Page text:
Microsoft is boasting that it has surpassed Java usage with .Net and is preparing to make its application development platform more conducive to Web services.
In a speech at the VSLive conference in New York last week, Eric Rudder, Microsoft senior vice president of server and tools, touted progress versus the rival Java platform as well as future products such as Indigo, a Web services offering now in beta release. Indigo is to be discussed at the Microsoft Professional Developers Conference (PDC) in Los Angeles in late-October.
"It's kind of amazing to think the last time I spoke at VSLive we were just on the cusp of shipping Visual Studio .Net 2003," Rudder said, according to a transcript of his speech. "And we completed that, we did an amazing job of really getting that product out."
"When we started out a year ago, it was hard. We were still behind Java by a considerable margin. They were about 30 percent share. But we actually launched the product and made some amazing traction, started to catch up. Luckily, Java flattened out and we've actually passed Java usage with .Net usage, and this trend actually shows no sign of abating," said Rudder. "So overall, competitively, we're doing fairly well."
Sun Microsystems, inventor of Java, disagreed with Rudder's claims about .Net now being used more than Java.
"I'm certainly extremely skeptical of .Net passing Java. There is a difficulty in measuring the market because [.Net] is all bundled together" in Windows, said Sun's Ralph Galantine, group marketing manager for Java technologies, in Santa Clara, Calif.
"There's a substantial Unix server market, and all those machines aren't going to run .Net," he said.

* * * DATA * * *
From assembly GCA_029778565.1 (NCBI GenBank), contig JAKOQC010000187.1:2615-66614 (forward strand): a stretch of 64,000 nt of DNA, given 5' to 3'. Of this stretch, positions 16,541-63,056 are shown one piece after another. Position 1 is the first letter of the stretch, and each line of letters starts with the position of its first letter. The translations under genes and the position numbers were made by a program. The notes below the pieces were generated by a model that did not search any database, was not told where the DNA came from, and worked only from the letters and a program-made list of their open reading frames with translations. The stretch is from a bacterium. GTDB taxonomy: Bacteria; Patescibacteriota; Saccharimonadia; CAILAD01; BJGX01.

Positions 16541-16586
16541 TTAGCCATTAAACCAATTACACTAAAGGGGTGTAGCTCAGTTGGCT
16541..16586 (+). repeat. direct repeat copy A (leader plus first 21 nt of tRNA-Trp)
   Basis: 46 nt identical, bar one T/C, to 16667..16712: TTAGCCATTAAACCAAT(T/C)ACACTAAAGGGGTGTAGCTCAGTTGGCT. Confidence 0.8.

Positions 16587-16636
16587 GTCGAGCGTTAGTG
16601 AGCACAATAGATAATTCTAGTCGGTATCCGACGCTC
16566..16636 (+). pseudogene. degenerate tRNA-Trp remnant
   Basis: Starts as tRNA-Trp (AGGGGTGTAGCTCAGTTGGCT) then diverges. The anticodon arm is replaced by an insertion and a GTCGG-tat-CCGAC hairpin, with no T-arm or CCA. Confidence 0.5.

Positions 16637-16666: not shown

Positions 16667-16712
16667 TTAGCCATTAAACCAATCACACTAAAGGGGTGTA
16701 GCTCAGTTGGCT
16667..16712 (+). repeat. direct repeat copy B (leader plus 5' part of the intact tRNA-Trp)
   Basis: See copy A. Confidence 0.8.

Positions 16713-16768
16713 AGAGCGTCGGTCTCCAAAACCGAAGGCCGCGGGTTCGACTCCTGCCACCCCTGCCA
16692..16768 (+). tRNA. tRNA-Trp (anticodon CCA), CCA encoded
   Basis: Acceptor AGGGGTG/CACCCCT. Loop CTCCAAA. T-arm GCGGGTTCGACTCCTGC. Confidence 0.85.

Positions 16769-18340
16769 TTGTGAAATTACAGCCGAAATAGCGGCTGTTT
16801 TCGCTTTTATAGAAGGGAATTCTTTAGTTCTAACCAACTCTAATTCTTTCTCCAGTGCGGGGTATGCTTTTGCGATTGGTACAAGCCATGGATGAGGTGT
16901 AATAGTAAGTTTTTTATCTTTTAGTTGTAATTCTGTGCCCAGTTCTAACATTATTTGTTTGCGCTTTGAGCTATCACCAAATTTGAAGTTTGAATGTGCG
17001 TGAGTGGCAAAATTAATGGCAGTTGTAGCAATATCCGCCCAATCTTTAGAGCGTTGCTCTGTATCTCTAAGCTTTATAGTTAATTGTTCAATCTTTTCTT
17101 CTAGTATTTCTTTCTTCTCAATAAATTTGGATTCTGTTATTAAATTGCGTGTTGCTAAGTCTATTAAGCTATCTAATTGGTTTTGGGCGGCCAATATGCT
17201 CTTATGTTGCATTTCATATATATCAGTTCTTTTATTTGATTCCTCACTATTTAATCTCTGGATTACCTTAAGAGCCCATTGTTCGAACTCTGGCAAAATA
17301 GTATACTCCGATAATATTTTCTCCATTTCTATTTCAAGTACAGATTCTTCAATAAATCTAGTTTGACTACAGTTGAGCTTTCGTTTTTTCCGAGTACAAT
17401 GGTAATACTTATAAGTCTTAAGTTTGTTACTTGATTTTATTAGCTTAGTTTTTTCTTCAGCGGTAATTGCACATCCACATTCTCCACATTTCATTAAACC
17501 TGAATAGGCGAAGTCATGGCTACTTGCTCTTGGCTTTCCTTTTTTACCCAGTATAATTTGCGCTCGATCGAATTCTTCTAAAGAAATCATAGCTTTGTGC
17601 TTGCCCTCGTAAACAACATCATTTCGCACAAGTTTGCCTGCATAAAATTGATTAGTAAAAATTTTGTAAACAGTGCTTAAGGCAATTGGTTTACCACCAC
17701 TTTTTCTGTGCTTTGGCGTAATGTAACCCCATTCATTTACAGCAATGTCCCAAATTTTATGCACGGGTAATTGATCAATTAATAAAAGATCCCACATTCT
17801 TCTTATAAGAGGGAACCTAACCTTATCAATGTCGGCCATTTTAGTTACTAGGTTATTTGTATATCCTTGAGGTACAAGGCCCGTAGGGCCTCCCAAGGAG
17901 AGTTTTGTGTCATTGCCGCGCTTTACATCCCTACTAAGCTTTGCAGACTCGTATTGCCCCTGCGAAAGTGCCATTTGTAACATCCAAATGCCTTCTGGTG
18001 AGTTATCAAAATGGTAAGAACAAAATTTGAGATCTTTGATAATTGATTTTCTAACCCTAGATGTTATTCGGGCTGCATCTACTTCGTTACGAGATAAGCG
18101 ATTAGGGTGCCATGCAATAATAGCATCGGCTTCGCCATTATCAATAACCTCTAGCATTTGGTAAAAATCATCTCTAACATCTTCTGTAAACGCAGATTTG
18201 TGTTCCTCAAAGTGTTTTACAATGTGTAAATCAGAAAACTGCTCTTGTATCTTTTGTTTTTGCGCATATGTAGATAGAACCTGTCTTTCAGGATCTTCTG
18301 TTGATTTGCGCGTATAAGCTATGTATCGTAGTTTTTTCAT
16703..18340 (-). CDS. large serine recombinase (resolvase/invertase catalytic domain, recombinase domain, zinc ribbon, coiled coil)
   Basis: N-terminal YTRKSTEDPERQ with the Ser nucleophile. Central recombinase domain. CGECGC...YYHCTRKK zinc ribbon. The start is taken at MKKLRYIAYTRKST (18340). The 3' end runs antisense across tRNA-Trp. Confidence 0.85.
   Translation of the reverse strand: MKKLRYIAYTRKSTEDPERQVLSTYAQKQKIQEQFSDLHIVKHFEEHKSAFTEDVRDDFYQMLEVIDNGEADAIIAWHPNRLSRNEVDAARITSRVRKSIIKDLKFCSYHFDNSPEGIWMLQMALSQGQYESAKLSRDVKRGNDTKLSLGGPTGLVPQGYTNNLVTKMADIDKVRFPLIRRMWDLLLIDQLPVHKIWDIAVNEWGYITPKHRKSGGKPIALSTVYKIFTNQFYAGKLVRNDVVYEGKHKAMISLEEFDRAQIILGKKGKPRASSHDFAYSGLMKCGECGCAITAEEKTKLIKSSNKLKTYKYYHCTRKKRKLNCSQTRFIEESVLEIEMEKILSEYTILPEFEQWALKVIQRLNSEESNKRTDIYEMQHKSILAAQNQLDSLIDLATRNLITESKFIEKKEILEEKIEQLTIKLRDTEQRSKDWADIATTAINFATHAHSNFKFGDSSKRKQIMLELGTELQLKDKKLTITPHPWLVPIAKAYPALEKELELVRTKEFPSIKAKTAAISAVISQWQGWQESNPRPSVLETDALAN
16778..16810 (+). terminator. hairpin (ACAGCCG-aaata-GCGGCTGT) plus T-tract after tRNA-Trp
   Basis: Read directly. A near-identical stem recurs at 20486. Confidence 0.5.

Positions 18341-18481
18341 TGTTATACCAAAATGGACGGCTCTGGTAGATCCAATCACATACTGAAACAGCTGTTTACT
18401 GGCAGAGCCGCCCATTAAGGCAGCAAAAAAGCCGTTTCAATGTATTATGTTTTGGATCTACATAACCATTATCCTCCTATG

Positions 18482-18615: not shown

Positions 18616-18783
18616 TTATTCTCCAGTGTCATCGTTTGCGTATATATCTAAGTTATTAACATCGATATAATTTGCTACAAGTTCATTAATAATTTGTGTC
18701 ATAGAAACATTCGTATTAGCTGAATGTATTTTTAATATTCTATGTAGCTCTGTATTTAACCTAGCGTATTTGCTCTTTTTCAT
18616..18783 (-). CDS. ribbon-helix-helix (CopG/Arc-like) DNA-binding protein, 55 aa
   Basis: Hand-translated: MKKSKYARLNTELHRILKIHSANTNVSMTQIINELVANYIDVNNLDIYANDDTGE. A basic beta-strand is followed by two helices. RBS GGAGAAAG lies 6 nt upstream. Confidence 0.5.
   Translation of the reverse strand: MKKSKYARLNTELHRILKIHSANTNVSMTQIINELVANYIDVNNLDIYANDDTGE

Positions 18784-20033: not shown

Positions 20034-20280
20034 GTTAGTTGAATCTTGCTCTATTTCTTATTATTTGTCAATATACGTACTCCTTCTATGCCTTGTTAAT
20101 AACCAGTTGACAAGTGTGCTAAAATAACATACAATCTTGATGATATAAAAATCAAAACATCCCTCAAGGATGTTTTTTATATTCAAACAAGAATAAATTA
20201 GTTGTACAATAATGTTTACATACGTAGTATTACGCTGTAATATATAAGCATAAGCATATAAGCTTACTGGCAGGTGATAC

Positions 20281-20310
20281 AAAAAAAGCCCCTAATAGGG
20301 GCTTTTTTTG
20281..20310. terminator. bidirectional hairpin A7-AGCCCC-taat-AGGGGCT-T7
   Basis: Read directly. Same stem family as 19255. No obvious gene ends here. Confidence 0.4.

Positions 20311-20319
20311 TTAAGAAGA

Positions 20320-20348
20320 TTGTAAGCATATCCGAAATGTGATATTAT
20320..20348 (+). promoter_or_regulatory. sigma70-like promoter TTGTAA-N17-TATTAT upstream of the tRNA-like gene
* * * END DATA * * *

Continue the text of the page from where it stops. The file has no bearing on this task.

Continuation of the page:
There are currently an estimated 3 million Java developers and Sun hopes to grow that number to 10 million in the next several years through efforts to make it easier to utilize Java, Galantine said.
"We're still seeing good growth in J2EE development and good growth in Java developers," said Galantine. "People are choosing Java for Web services development strongly."
Rudder also discussed intentions for Visual Studio .Net.
"Our key themes for Visual Studio .Net really were connectivity, dependability, the best economics and the most productivity, and you'll see us really continue to extend these themes and extend this lead in everything that we do," he said.
"Of course, connectivity for us includes the latest Web services standards and great database connectivity," Rudder.
He provided a glimpse of the company's Indigo technology.
"On the application side, you'll see us continue to really push forward on the envelope, really leading the Web services revolution. That technology actually just shipped in beta. It's codenamed 'Indigo,' and I encourage you to come to the PDC … to really hear more about that technology and how it affects you," Rudder said.
Microsoft at the PDC also plans to give away a CD with some of the company's Longhorn software and the next version of technology in Visual Studio. Longhorn is the next generation of Windows, due to ship in 2005.
Rudder provided details on other technology plans as well.
The Windows Server 2003 operating platform will be rounded out this year with 64-bit computing support and full support for AMD machines and Intel Itanium 2 systems, Rudder said.
The planned Identity Integration Pack will enable corporations to utilize the Web Services Security specification, he said.
Additionally, Microsoft plans to take its management offerings and bundle them into a single packaged called Systems Center, featuring the next generation of technologies around System Management Server, Microsoft Operations Manager, and Application Center, according to Rudder.
Microsoft also is eyeing performance enhancements for its ASP.Net (Active Server Pages) platform in terms of caching with databases. The next generation of device support will come with the Compact Framework and enhancements to the company's embedded CE technology and offerings for devices, Rudder said.
Microsoft is targeting Unix users with its Services for Unix offering, which will be enhanced for users that either need to interoperate with Unix or want to bring components over to Microsoft's platform, Rudder said.